By Veronica Villegas
Any woman celebrating Mother's Day understands that, along with the joys of motherhood, sleep deprivation can make you a little foggy.
Your car keys seem to be consistently lost. Sometimes your socks don't match. Sometimes the baby's socks don't match.
While you may lose some of your edge as a new mom, your brain doesn't dissolve completely.
So you might chuckle when reading the warning labels on some of the baby products on the market today. For example, a baby sling warns "Do not use while cooking, driving in a car, bicycling, jogging, skiing, etc."
Another baby carrier's label insists that the product is "only for use by a care-giver," lest some bleary-eyed parent might strap their kid to the family Labrador.
Here are some of other labels on kid products that have won an annual "wacky warning" contest hosted by a lawsuit abuse watchdog group:
Whew. Glad somebody warned us.
More than indicating an outbreak of dense parents, these warning labels are actually a sign of our litigious society where wacky lawsuits have become the norm.
Sadly if you can dream it up, you can probably sue over it. To protect themselves, manufacturers have to think up all manner of strange scenarios that might prompt a lawsuit.
Although these labels are supposed to enhance safety, they may do just the opposite. The multitude of obvious warnings on so many products may lead many of us to ignore warning labels altogether.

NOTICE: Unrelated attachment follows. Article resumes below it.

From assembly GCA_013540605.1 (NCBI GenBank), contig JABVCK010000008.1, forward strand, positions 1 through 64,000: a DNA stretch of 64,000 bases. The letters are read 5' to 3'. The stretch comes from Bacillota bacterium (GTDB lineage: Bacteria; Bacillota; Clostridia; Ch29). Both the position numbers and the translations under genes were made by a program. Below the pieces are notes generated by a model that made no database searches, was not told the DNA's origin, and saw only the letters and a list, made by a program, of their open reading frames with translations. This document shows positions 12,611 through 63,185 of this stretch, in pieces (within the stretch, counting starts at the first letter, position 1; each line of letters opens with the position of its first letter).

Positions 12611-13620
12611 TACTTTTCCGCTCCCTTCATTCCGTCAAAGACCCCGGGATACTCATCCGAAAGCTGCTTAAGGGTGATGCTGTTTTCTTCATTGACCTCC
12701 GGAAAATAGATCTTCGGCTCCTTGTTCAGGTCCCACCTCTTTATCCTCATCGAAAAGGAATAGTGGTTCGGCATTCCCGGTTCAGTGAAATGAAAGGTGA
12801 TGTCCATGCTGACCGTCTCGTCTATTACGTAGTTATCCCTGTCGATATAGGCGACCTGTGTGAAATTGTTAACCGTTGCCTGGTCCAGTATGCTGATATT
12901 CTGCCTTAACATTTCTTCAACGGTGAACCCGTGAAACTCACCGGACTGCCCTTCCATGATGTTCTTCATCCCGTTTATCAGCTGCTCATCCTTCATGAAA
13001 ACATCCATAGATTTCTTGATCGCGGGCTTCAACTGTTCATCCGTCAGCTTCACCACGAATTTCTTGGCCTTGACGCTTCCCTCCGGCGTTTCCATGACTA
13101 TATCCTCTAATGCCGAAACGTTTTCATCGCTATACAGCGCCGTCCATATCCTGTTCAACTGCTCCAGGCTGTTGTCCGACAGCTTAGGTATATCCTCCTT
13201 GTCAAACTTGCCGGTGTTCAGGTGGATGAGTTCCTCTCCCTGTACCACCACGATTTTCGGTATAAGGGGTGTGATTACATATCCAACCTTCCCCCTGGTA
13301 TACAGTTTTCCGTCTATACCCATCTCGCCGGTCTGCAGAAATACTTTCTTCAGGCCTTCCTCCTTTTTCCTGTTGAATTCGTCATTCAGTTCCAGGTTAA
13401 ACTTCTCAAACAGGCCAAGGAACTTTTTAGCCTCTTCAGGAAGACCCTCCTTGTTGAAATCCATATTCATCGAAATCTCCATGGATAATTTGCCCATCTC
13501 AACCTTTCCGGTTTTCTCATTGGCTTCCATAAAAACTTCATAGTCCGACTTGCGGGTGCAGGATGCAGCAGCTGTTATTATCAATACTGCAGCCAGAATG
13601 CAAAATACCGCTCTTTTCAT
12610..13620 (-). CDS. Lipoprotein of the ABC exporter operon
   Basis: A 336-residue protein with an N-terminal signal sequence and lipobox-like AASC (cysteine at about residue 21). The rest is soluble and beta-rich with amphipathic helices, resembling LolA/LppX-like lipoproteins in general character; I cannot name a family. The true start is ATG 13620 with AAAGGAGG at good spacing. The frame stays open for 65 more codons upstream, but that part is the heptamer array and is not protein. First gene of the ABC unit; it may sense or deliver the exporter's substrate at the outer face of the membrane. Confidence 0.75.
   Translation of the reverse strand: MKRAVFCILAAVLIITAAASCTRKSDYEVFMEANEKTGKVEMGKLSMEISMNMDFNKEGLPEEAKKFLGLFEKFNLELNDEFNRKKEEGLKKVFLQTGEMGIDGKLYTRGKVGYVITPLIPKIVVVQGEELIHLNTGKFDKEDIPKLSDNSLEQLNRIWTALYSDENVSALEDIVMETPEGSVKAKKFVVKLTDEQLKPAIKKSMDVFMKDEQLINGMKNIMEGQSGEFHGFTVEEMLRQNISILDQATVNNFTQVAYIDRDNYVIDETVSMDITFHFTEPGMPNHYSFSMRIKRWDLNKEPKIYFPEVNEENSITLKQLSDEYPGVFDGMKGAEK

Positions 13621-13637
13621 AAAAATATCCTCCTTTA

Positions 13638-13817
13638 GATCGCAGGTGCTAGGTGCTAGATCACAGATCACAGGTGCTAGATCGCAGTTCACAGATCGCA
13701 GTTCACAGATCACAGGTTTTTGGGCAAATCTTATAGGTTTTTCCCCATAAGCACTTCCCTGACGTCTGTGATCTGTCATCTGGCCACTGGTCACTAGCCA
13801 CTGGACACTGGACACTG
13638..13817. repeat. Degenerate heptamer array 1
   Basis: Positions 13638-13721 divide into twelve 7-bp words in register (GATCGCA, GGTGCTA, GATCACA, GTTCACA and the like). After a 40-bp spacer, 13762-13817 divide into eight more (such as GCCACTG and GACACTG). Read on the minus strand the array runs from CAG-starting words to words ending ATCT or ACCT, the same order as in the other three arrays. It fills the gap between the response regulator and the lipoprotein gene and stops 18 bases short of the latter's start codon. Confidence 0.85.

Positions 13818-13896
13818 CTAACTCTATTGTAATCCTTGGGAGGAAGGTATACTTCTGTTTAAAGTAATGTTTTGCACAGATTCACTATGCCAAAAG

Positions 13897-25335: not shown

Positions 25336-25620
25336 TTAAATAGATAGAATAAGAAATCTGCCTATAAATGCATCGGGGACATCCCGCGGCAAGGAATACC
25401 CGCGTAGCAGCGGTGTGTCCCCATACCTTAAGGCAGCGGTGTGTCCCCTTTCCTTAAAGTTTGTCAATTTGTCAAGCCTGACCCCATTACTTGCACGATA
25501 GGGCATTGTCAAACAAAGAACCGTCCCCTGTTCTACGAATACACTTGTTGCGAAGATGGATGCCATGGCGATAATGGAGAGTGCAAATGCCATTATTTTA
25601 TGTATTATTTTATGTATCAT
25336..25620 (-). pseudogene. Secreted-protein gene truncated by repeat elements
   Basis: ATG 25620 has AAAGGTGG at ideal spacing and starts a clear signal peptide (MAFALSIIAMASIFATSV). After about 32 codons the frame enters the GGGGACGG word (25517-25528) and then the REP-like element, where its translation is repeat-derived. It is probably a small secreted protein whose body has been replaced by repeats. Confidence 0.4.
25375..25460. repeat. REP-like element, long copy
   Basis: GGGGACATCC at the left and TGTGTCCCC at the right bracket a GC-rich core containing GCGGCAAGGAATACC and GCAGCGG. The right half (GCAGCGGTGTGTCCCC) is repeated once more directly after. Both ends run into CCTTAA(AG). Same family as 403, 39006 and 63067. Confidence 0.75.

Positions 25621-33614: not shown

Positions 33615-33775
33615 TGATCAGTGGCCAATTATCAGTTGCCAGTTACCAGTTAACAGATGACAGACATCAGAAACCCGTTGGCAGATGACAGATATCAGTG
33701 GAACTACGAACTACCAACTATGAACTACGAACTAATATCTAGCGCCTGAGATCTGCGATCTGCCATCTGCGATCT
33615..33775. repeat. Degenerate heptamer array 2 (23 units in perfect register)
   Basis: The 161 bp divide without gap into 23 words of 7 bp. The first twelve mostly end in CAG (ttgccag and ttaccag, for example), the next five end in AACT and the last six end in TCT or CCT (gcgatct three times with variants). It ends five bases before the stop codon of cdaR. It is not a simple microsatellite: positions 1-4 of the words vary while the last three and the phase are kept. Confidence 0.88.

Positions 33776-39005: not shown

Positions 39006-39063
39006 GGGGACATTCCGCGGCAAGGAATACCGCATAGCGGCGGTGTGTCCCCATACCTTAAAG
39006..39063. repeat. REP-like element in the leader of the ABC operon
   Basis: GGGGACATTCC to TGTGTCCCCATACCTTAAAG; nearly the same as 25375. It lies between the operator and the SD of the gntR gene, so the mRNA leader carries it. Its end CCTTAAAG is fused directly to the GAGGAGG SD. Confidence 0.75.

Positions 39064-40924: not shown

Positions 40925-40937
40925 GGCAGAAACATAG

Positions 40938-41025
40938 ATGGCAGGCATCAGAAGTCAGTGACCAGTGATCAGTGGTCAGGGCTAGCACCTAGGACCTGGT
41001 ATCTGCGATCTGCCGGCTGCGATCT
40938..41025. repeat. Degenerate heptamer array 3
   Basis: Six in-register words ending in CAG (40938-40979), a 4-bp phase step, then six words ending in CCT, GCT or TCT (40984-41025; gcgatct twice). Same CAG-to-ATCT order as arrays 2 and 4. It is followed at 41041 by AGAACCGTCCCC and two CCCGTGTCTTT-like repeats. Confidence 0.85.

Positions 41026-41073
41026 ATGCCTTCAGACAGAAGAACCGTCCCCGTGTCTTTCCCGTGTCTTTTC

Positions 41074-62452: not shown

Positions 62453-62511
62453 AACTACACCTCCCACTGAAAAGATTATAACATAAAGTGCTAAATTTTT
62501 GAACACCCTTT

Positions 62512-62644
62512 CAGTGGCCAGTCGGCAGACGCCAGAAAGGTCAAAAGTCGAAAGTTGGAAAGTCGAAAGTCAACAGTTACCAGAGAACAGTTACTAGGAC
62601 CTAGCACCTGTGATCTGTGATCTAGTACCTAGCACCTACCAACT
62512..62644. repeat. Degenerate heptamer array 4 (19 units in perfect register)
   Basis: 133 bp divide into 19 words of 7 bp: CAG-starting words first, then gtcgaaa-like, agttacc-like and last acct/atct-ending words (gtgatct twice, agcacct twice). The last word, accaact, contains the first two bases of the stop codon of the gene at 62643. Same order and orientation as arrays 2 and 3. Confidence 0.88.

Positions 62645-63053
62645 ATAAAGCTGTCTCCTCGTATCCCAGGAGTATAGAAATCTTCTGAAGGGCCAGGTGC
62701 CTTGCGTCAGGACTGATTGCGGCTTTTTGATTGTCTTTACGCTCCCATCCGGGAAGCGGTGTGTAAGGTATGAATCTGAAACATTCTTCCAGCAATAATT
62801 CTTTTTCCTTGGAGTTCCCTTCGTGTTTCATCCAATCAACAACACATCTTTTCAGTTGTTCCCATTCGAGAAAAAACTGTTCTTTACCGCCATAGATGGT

As a result, many consumers will miss important information they need to keep them and their children safe. As it turns out, when we warn of everything, we warn of nothing.
While the labels may seem funny, lawsuit abuse is no laughing matter. Junk lawsuits cost us all by driving up the cost of services and everyday goods (including those baby products that already cost a fortune).
Baseless lawsuits also keep life-saving products off the market and can significantly delay or even stop research into potential new treatments and vaccines. Before common sense reforms passed in Texas, out-of-state lawsuits clogged our courts, small business owners operated in fear of the one lawsuit that could put them out of business and their employees out of a job, and doctors were being driven out of the state by abusive and baseless suits.
The cost and consequences of lawsuit abuse impact every family in the nation. We can only hope that by the time today's babies are grown, we will have made even greater strides to curb lawsuit abuse. Hopefully by then, no one besides their mothers will need to warn them to turn on their common sense.
Veronica Villegas is the Rio Grande Valley Citizens Against Lawsuit Abuse Representative and Vice President of the RGV Partnership Chamber of Commerce. She lives in McAllen and is the mother of two boys.
CALA is a nonprofit, grassroots public education movement dedicated to raising awareness about the cost and consequences of lawsuit abuse. The movement is supported by more than 25,000 Texans. For more information, visit www.calahouston.org